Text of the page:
As he and Mom walked into my room for conferences, I was nervous because I knew what needed to be done.  I knew he needed to hear the harsh truth, and I wouldn’t sugar coat it.   It went against everything I had done in my year and a half at Trinity.  As he began to speak about his strengths and what he liked at school, it was very basic.  “I like PE because I’m good at it.  I like Wagon Train because it’s fun.” As he spoke, I could feel my frustrations surfacing.  How could this child, with fantastic potential and obvious enjoyment of our classroom, give such a blasé answer to his mom and me about school?

Finally, it was my turn to talk. I started out by telling him I appreciate his thoughts on his learning.  I handed him his warm-up journal, the very same one he writes in each day when he comes into school.  I opened to an already marked page.  The prompt was, “If you were a bird and could fly anywhere in the world, where would you go?  What would you see?  How would you feel?” I asked him to start reading.  “If I was a bird, I would fly to New York and fly into people’s windshields and make them crash.” Then the water works came.  He couldn’t finish.  I didn’t let up.  I turned to another marked page and had him read.  “If someone was bullying someone, I would threaten them with a toy gun and toy knife.  If they kept doing it, that’s your problem.” Uncontrollable crying.  I flipped to a few more pages which I already highlighted and showed his mom.  She was in shock.  It was now a teacher-led conference, with me placing a mirror in front of him, revealing all of his negative actions, pealing away layers that exposed the truth about his behavior. As we wrapped the conference up, my parting words were those of encouragement.  “I know that somewhere inside of you, you want to do well.  You have the ability to behave, to enjoy class, to learn from others.”  Mom thanked me up and down for this conference.  As they left, I shut the door and asked my assistant, was I too much?  Did I cross a line?  “You did what needed to be done,” she answered.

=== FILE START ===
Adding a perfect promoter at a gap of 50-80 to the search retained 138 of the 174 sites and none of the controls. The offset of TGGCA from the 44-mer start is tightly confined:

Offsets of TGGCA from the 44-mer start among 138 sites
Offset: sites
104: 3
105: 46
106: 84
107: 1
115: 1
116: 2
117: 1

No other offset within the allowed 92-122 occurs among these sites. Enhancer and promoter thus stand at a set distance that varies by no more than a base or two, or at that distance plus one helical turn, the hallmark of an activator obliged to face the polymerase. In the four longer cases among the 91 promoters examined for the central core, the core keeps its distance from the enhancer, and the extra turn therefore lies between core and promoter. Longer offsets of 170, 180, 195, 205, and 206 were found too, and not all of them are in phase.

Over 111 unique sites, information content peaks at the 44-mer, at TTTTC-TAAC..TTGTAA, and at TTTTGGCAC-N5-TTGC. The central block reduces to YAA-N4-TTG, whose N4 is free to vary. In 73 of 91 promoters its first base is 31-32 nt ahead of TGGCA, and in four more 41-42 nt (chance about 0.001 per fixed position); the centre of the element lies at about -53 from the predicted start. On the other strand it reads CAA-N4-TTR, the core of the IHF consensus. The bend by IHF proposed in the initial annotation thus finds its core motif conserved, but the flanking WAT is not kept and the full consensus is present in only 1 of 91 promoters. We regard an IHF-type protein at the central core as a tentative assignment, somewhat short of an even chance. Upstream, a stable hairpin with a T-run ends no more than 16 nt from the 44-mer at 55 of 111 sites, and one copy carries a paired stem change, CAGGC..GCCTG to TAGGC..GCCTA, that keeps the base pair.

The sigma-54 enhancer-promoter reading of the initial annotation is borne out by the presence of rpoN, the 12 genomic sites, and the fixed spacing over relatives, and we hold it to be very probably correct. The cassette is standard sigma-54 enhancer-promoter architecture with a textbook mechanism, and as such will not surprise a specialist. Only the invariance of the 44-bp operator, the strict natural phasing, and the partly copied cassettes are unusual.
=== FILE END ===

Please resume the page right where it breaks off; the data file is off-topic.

It has been six weeks since conferences. I can count on one hand the amount of times I have had to speak to him about negative behaviors.  His writing has dramatically turned around.  There are no more silly, inappropriate comments in his writing.  He now frequently shares with the class.  His table has won our weekly challenge two of the first three weeks because he has been a main contributor with clean up, organization, and helping his table mates.  His notebooks have been much more organized.  He is smiling in class.  I have been pointing this out to him privately and in front of the class.  Just last week, I congratulated his table for winning again, and I thanked him for helping them do so.  The class started clapping and went over to thank him.  His smile couldn’t have been bigger.  I truly hope that this continues throughout the rest of the year and on through his academic career.  It’s so much more fun and enjoyable for him to be a positive member of class, rather than seek the spotlight negatively.

Perhaps, I’ve learned you have until the very last minute to impact and reach a child.

Learner, Thinker, Writer: Brian Toth serves the Trinity School community as 4th Grade lead teacher.

Flourishing: A Trinity Journey